Yeah – bilingual, I am

posted by Nomes @ Friday, September 29, 2006   4 comments
Monday, 25 September 2006
I think I woke up too early this morning: I left the house at 6:20, having not managed to catch Adam and collect his UK ATM card. Damn!

Bez snidane (think of me as your starving heroine, if you wish) my pubic transport start had me staring at the back end of both the bus and train I needed to catch, just as I arrived at the stops.

Once checked in, (“is that all your hand luggage Ma’am?”), I stood and read The Observer and the Prague Post cover to cover at the bookshop, reasoning that I wouldn’t ordinarily do it: but these were special times. The Observer annoyed me when I found an editorial I’d read about 6 months ago on the internet. That’s just sloppy. I’ll write for them if they’re that desperate.

Meanwhile, closer to ‘home du jour’, a detective in the Czech Republic got all Columbo for us, narrating his favourite case, which involved a paralysed, wheel-chair bound man who survived his wife’s “accidental” fall to the pavement below their 6th floor flat. The detective, having asked a harnessed fireman to ‘fall’ from the window while watching from the alleged vantage point of the husband, indicated that, indeed, a defenestration had occurred. All very CSI. But then, the bit that made me laugh out loud. The detective then informed his adoring public that the man himself was famous, as he was the only person who ran for Presidency in the 1993 election against Vaclav Havel. Mwahahhaha. A quick internet search reveals that the internet is insufficiently old to tell me his name. Just as well.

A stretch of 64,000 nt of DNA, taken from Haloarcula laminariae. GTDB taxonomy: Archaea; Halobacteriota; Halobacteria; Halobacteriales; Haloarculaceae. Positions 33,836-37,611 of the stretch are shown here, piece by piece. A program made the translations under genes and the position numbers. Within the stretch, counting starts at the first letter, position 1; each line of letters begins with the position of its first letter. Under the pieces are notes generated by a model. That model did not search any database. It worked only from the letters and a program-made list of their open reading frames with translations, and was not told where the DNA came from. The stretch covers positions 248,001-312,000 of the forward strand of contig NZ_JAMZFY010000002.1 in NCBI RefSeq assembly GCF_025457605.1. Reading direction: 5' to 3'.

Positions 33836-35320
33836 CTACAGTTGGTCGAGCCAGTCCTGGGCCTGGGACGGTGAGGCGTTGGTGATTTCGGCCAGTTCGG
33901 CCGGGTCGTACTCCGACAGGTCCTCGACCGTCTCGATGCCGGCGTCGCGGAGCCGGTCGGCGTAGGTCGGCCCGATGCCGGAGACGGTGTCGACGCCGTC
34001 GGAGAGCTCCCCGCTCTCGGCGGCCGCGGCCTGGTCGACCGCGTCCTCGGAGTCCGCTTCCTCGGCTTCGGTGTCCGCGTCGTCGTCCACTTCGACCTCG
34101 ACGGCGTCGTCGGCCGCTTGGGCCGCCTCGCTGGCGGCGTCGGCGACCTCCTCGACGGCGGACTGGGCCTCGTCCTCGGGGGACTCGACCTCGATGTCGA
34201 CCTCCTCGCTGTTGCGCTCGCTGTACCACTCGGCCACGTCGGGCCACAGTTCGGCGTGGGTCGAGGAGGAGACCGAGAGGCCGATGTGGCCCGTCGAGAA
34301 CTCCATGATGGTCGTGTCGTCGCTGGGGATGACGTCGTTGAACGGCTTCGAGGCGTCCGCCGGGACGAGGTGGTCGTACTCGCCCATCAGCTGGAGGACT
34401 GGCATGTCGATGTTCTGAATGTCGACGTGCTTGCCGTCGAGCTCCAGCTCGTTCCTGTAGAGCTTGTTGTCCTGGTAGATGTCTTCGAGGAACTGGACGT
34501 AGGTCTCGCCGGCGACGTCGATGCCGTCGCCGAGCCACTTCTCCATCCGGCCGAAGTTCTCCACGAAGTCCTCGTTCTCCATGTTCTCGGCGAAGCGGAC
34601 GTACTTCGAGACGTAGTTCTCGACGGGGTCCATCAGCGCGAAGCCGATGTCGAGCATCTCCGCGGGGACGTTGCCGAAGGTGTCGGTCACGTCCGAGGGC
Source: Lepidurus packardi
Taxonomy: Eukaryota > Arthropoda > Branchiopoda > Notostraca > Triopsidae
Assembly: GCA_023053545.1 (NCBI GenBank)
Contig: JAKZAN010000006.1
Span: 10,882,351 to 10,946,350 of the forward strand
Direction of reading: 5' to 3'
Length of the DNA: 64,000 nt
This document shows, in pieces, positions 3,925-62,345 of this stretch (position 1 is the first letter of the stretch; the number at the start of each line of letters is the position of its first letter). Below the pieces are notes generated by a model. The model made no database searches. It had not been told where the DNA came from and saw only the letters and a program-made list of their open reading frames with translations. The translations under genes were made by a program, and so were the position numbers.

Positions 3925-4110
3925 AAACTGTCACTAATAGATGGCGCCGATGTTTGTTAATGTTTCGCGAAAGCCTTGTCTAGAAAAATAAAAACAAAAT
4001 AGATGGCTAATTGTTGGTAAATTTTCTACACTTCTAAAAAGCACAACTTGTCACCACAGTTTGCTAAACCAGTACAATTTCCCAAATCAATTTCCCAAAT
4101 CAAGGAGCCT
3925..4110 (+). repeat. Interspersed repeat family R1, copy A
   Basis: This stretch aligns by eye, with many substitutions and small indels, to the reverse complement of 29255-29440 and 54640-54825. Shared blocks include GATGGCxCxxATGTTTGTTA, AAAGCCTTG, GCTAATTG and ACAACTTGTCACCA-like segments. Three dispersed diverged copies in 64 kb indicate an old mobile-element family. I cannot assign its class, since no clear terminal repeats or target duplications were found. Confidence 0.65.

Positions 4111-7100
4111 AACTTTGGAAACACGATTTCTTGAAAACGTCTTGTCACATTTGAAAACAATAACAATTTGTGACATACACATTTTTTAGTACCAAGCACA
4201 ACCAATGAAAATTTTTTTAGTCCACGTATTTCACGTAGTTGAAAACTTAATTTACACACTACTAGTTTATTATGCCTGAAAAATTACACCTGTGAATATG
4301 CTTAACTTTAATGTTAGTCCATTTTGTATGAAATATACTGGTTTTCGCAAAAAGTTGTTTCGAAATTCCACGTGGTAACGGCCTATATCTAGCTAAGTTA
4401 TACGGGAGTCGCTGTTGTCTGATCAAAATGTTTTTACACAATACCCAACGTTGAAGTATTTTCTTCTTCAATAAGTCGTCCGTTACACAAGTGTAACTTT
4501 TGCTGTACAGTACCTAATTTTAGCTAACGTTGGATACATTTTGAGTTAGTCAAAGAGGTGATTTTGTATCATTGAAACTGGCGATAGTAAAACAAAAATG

The other thing they told us was that the new road rules (supposedly operating since July 1st) aren’t working. The near-death-experiences I have when I cross the road on a pedestrian crossing are sufficient testament to that; I needn’t read about it. Turns out that, indeed, the Czech populace followed the new rules (you know: seatbelts, slowing down for intersections, allowing people right of way on pedestrian crossings etc.) for approximately 20 days before reverting to the normal Russian/Italian driving style they favoured. The motive for following the rules (i.e. points on licesnsese, fines etc.) were simply not being given, because there were no extra traffic police. 20 days of figuring this out, that no one would enforce the rules, and the drivers are back to their old tricks. To the point where a driver who knocked down and killed a pedestrian this weekend (one of the 13 deaths) simply drove off. Not sped off. Drove. Hit and stroll.

And it’s true: the police don’t want to enforce such things. Apparently, it’s illegal for an owner to allow their dog to ‘do it’s business’ in the street. Bahahahahaha! And apparently, if they are caught: they could be fined 2,000 Kc (NZ$120, E60). But most police officers are in the habit of giving people warnings rather than fines, so the law goes unregarded. In a conversation I recently had with an off-duty policewoman, she is considering getting out of the job and back into sales, not for money, but because she doesn’t like telling speeding drivers off. WTP?

Having read sufficient proof of already known things, I wandered to my gate: through security with my iPod on (still playing music) and my phone in my pocket. And I wondered why I beeped. A part of me simply doesn’t take this all seriously enough.

Zurich airport is fantastic (where Frankfurt airport is my nemesis), not least of which because of the continuous chocolate making going on along the concourse. Yes, folks: the Lindt people were out in force: making the most delicious creamy milk chocolates I’ve ever tasted. Not quite still warm from the rolling thing (made in 1858) but only JUST set!